Category Archives: death

Today is January 16. I am alive and well.

Dear mom. I’m missing you and your sloppy smiles that fall to the sidewalk as you glint in afternoon sun. The smell of Opium rounds the corner ahead of your polished toes, red like ketchup.

I’m the only one that sees you’re wearing ocean blue flip flops in the desert. I’m the only one that sees you’ve come to life again like an orchid blooming for the second time.

Missing is like this–shaping squares out of windows, framing the height of a mound of sugar.

You sweet in a short dress allowing for knees.

I see you, but I’m greedy. I want your touch on my arm, prompting me to embrace your five feet eight inches, my chin on your shoulder.

How is death? I wonder. “Painless,” you say. The air hangs like dead drapes.

I want to believe you fare better than you had in life, scotch taking your breath, leaving you slumped over a coffee mug. A fool says the liver is not important. You lost yours when it became laced with liquor. All talk stopped.

You looked beautiful in your coma, a painting unlike the Mona Lisa.

I imagine a peach at rest on your chest, waiting to be bitten, its juice making rivulets.

Your arms appear stiff, your hands unclenched. Life escapes from between your fingers that stare at nothing. You hold nothing.

I am glad for the glimpse of you standing in my doorway. It lessens the missing, my missing found in my closed palm, my missing cascading over me as you glint in the afternoon sun.

Today is May 17, 2015. I am alive and well.

I’ve been reading about female executions. Morbid. Yes. what is my fascination with violence and wrong doing? I slow when there is a car accident, wondering if I will bare witness to tragedy.  I realize that millions of people have asked this same question. And oddly enough, there is no real answer.

I have never seen anyone beaten or murdered. The only dead bodies I’ve seen are my parents and grandmother.

My mother was at rest in a hospital bed, her toes well manicured and painted red. Liquor had claimed her liver. Jim Beam had been her best friend, then later her executioner. Her death was sudden like crumpled paper with a bad idea written on it. When the nurse removed her oxygen mask, it took about a minute for her to die. It was a quiet night, nothing spectacular was happening in the hospital. I kissed her forehead and said goodbye, said I would see her on the other side.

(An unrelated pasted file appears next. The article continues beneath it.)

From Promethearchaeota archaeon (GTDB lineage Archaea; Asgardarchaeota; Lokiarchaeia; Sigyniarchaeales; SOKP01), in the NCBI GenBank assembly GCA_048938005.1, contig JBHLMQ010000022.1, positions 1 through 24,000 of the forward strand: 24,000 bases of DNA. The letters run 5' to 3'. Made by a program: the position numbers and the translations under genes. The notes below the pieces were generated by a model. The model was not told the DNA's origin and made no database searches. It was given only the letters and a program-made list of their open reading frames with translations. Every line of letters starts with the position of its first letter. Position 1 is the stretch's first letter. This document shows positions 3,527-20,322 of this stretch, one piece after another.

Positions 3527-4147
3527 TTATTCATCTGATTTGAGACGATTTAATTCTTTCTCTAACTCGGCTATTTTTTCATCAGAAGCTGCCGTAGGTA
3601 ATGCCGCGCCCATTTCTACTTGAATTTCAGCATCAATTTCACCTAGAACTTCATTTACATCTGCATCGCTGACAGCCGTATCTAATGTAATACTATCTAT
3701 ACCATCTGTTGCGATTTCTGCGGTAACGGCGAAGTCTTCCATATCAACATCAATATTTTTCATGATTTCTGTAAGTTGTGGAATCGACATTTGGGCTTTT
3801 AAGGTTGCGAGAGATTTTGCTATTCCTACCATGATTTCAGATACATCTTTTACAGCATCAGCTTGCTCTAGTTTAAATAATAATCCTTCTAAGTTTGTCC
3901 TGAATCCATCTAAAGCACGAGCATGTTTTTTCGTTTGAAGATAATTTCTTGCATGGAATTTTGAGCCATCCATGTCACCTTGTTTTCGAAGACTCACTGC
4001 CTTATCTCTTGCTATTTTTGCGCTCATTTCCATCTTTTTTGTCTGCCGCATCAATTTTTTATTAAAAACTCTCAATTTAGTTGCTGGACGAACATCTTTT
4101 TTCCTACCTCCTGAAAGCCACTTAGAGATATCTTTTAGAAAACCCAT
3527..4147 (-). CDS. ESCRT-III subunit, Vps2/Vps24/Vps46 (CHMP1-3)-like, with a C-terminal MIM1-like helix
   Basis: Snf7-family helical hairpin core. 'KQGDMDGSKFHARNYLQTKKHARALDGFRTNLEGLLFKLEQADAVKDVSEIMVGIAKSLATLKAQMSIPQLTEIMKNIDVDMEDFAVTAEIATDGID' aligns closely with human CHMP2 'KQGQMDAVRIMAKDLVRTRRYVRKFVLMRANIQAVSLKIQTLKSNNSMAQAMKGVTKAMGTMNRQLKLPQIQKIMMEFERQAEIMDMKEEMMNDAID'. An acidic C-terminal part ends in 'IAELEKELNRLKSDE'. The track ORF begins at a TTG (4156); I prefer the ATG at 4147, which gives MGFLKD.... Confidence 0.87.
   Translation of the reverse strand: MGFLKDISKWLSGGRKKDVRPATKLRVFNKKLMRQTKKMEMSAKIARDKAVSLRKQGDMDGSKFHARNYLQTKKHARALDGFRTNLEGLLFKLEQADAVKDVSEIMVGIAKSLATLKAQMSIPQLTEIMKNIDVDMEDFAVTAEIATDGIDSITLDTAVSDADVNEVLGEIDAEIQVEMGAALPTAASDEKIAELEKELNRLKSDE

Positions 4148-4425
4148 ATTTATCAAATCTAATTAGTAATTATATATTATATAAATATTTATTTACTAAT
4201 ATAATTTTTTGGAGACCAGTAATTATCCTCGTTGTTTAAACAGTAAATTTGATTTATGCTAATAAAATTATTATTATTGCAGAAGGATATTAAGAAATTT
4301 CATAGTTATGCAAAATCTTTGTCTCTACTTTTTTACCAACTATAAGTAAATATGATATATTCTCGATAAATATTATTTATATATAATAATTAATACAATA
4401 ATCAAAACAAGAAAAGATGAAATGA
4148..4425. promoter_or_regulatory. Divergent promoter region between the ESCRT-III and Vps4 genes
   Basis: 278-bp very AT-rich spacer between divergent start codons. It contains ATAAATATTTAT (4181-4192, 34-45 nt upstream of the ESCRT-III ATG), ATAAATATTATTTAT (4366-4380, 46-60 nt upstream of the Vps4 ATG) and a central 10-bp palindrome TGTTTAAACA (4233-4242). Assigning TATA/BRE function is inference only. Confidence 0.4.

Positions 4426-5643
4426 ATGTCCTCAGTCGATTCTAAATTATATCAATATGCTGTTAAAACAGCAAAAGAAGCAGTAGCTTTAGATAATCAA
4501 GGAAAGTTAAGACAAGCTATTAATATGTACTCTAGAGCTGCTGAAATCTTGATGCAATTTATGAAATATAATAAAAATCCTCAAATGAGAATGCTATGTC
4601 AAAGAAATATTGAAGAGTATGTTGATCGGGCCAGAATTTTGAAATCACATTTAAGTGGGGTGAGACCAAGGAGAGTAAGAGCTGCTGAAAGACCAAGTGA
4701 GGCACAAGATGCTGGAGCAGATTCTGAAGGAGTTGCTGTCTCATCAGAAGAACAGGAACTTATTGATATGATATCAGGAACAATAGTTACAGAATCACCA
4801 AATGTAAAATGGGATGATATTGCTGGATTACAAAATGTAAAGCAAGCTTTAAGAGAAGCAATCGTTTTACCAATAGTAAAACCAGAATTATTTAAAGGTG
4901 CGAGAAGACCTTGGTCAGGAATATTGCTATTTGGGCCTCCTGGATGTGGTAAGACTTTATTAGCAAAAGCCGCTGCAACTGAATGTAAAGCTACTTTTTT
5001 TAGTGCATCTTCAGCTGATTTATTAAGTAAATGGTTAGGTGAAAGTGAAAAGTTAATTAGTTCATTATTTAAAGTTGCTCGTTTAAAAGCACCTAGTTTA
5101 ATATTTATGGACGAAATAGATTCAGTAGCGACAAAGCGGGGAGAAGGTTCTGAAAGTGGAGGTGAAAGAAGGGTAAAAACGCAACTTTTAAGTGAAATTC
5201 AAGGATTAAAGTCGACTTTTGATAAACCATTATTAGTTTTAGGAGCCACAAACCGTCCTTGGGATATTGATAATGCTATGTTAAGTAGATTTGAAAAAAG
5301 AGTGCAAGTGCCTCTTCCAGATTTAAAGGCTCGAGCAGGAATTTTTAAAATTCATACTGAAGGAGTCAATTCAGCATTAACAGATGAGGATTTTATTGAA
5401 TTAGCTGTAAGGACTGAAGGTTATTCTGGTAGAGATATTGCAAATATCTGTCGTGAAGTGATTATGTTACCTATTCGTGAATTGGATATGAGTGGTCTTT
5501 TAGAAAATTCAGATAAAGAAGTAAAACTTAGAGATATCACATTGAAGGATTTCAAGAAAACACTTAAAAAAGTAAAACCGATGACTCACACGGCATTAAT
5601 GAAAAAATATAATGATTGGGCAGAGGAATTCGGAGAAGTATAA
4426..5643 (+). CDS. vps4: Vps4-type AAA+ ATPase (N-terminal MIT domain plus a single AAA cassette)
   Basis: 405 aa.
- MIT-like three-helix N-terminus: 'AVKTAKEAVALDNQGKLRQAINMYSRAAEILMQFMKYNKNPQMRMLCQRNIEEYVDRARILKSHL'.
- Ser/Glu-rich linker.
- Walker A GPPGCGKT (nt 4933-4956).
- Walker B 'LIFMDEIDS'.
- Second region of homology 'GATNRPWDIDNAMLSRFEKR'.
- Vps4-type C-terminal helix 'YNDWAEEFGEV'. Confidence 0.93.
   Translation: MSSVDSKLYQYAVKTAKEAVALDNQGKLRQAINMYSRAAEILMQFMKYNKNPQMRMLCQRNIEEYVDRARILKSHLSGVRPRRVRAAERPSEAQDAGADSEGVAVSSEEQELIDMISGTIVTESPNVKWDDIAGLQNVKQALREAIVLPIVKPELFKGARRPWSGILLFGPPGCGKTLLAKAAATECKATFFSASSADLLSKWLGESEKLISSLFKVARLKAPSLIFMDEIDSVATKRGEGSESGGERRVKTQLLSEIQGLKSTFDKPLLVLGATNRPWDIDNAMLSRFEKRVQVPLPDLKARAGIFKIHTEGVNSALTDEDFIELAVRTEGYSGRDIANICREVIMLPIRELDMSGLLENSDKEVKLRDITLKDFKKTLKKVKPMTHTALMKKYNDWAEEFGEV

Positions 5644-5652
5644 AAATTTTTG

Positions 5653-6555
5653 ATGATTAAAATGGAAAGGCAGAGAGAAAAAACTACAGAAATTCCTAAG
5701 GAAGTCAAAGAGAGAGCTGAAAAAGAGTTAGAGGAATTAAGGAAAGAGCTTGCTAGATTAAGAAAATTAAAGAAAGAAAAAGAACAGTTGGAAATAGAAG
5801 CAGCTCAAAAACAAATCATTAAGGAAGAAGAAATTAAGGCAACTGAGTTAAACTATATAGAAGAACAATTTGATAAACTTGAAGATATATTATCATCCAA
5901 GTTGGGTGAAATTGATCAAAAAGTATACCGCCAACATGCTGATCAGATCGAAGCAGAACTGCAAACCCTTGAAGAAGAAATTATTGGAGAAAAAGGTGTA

And then there was my grandmother. I had just left the nursing home. Ten minutes later, I got the call that she had died. Her last words to me were “where are we going to find you another guy.” WIth her last breath she was thinking of me. Her body did not look natural. Her face was stuck in a yawn. I stayed and cried by her bedside for an hour, hoping my tears would wash her awake like bleach taking out the stubborn stain.

A heart attack killed my father instantly. It wasn’t like a bee sting where you can remove the stinger. In the emergency room, hospital staff had not removed the breathing tube they had shoved down his throat with the hope to resuscitate  a dead body. I’m still mixed by my father’s death. During football season I still think we can talk football–a phone call away. Him forever silent on the other end like a kid who dropped the can on the string, frustrated with the lack of conversation.

So how did I get from executed woman to the dead bodies of my family? Death binds them.  Death is not a subtle hand. In executions, it is immediate unless the blade is bot sharp enough, the noosed not right, the torture of limbs being torn apart on the stretch rack, slowly. There are numerous ways to kill a person, none of them decent.

I’m glad my loved ones did not suffer. I sleep hoping they visit me in my dreams. I wake hoping I will feel them by my side. Death is permanent, and yet ongoing. My cats see them. They wash over me like a cashmere blanket. I love. I love.